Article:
The enhanced liver fibrosis (ELF) assay is superior to two other measures of liver health in predicting the risk of death among women coinfected with HIV and hepatitis C virus . Publishing their findings in the journal AIDS, researchers conducted a prospective, multicenter study of 381 women in the Interagency HIV Study who were followed for an average of 8.3 years.

The cohort had a cumulative 2,296 ELF measurements. A total of 134 of the women died, including 60 percent who had severe liver fibrosis.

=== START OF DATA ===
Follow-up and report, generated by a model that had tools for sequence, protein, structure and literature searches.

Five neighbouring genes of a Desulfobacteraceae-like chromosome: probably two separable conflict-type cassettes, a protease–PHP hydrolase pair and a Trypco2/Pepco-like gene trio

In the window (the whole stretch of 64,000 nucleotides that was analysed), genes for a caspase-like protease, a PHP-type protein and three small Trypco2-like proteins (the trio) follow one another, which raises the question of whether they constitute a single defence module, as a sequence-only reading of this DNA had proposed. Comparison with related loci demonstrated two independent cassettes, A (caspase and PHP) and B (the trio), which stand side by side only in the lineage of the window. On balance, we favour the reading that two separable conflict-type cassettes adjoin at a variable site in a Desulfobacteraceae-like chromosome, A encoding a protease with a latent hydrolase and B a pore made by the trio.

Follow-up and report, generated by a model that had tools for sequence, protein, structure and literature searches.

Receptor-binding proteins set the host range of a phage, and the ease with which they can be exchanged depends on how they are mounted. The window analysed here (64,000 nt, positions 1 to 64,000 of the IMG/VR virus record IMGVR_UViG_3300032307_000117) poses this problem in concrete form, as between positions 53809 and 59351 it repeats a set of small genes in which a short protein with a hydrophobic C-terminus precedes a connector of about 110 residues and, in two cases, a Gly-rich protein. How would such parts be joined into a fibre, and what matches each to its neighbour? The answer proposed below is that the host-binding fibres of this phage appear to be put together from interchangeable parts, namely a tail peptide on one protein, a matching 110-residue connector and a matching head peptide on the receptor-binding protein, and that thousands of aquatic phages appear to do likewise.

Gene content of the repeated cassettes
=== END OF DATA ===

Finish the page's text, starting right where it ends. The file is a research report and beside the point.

The researchers found that ELF was best able to predict the risk of death within one year of death, as well as one to three years before, compared with the aspartate aminotransferase to platelet ratio (APRI) and the FIB-4 system.

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